Welcome!
Important information
-- Spectre and Meltdown vulnerabilities
-- Change in MX sources

News
-- MX Linux on social media: here
-- Mepis support still here

Current releases
-- MX-17.1 Final release info here
-- antiX-17 release info here

New users
-- Please read this first, and don't forget to add system and hardware information to posts!
-- Here are the Forum Rules

MX Software inclusion

Discussion about the MEPIS Community's Repo.
Message
Author
User avatar
colin_b
Forum Regular
Forum Regular
Posts: 310
Joined: Sun Mar 19, 2017 7:21 pm

Re: MX Software inclusion

#11 Post by colin_b » Thu Jul 05, 2018 7:10 pm

I'm an English speaker and I don't know other languages, but I think a simple method of changing language is a good idea.

I've had a blind dig around to see if I can change MX's language and I've drawn a blank. I'm not interested in actually doing this, I just wanted to see if I could do it. Would it be possible to have an MX Tweak that makes it a simple task to change language? If this could be done the world would be your oyster :happy:

User avatar
dreamer
Forum Regular
Forum Regular
Posts: 176
Joined: Sun Oct 15, 2017 11:34 am

Re: MX Software inclusion

#12 Post by dreamer » Thu Jul 05, 2018 10:40 pm

Some random thoughts that were triggered by other comments:

I agree with a lot of things. For example if Linux as a whole wants to compete with Windows and Mac, Firefox can't be repackaged a hundred times. It needs to be an AppImage (or other universal format, but AppImage is best so far) that is served by Mozilla to the whole Linux community. Ubuntu has the PPA system which makes it easy to move between Ubuntu-based distros. Debian lacks software infrastructure, but could probably use Launchpad set up by millionaire Shuttleworth. Right now Debian distros are like islands without much connection. All the work that is done here in MX Linux doesn't seem to benefit Debian as a whole. Great loss for Debian, but that isn't my problem. That's Debian's problem. Debian might be a better package base than Ubuntu (I think it is), but without a common software eco-system it will always be a less viable platform for distros and users. It's not the number of packages that makes the PPA system strong, because MX Linux has just as many. It's the number of packagers. It may be seen as a security weakness when anyone can set up a PPA and package software, but each user must have a head on their shoulders and PPA related security incidents have been very few. Much safer than Android Play Store I would say.

I think Debian needs more distros that work together if it wants to compete with Ubuntu and Arch (I know it isn't a competition, but the strength of the eco-system is important long-term). It's a little worrying seeing MX Linux rise to the top (becoming THE Debian distro) and an influx of new users (including myself) often demanding MX devs to do this or that. I try to not demand things. My only worry are disruptive backports (Gimp 2.10, Xfce 4.14 and to a lesser extent LO 6.1). I suggested that a separate repo handle those so the Stretch base can be kept relatively clean for existing users. I can understand that MX wants to ship the latest with a new release, but then the "progressive repo" could be enabled by default. I'll take a look at Mint 19 in case MX isn't conservative enough for me, but I don't doubt MX Linux is the better distro. I could probably swallow both Gimp 2.10 and LO 6.1 with ease and Xfce 4.14 has been pushed to "sometime in 2019" so right now there's not much reason for concern for myself.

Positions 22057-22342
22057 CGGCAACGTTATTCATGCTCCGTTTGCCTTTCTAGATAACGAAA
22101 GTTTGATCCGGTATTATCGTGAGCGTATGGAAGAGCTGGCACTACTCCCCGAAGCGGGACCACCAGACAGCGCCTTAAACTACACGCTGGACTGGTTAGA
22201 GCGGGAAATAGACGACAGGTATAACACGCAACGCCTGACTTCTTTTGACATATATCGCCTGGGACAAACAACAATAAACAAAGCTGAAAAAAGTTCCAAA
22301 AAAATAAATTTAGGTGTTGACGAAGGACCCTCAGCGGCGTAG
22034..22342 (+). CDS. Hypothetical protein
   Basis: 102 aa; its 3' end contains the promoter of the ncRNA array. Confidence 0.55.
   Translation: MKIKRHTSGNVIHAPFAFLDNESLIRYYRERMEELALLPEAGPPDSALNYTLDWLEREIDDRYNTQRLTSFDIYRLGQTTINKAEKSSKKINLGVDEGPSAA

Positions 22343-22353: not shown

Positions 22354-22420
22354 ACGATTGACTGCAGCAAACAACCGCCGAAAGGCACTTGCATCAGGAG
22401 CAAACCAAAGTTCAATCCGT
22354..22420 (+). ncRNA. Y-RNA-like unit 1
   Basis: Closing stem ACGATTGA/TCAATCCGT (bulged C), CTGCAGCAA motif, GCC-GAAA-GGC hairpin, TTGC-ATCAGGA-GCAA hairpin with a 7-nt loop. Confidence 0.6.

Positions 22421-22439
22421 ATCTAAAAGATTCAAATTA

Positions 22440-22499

As users we can come with suggestions, but ultimately it's not worth much unless the suggestions are backed up by working code. One of the unique features of MX is that the devs are active on the forum. If the requests and feature suggestions become too many, maybe they will feel overwhelmed and disappear from the forum like many distro maintainers before them. I have learned quite a lot during my short time with MX Linux, especially where to look for certain files. Since "everything" is a text file one of the key areas to master when using Linux is being able to identify the file you want to modify. With the devs on the forum (including the antiX devs) I feel collectively MX Linux can be understood from top to bottom and any problem solved. I don't think other forums can understand a systemd-based distro like that. It's a different kind of complexity that even Canonical is struggling with.

User avatar
Stevo
Forum Veteran
Forum Veteran
Posts: 16151
Joined: Fri Dec 15, 2006 8:07 pm

Re: MX Software inclusion

#13 Post by Stevo » Thu Jul 05, 2018 11:39 pm

I did just set up Gimp 2.10.4 in an independent OBS repo after doing it for our test repo. But we are relying on tester's reports before we think about moving it to main--we won't if anyone has problems with it, so speak up if you do!

https://build.opensuse.org/project/show ... -backports#

XFCE 4.14 isn't even a twinkle in our eyes yet.

User avatar
asqwerth
Forum Veteran
Forum Veteran
Posts: 3253
Joined: Sun May 27, 2007 5:37 am

Re: MX Software inclusion

#14 Post by asqwerth » Fri Jul 06, 2018 1:31 am

dreamer wrote:
Thu Jul 05, 2018 10:40 pm
...... My only worry are disruptive backports (Gimp 2.10, Xfce 4.14 and to a lesser extent LO 6.1). I suggested that a separate repo handle those so the Stretch base can be kept relatively clean for existing users. I can understand that MX wants to ship the latest with a new release, but then the "progressive repo" could be enabled by default. I'll take a look at Mint 19 in case MX isn't conservative enough for me, but I don't doubt MX Linux is the better distro. I could probably swallow both Gimp 2.10 and LO 6.1 with ease and Xfce 4.14 has been pushed to "sometime in 2019" so right now there's not much reason for concern for myself....
I agree with @dreamer regarding worrying about disruptive backports. The GIMP and VLC 3 updates seemed to cause a fair bit of problems, which I feel should be avoided if possible because MX is based on Debian Stable and its reputation is built a lot on its stability.

I know the VLC update was required due to security holes in VLC2, but still....

Sure, this GIMP update is supposed to be a major milestone, but if it necessitates the adding of upgraded libraries and dependencies that might not be compatible with Debian Stretch in general, surely it should remain in MX Test Repo indefinitely. Otherwise it will be as bad as users installing packages from Debian Testing/Sid or from PPAs. :-P

I just worry that updated packages are being moved too fast into the Main Repo. If there is no feedback from users - and remember, some users make their request and then are never heard of again - then leave it in Test Repo.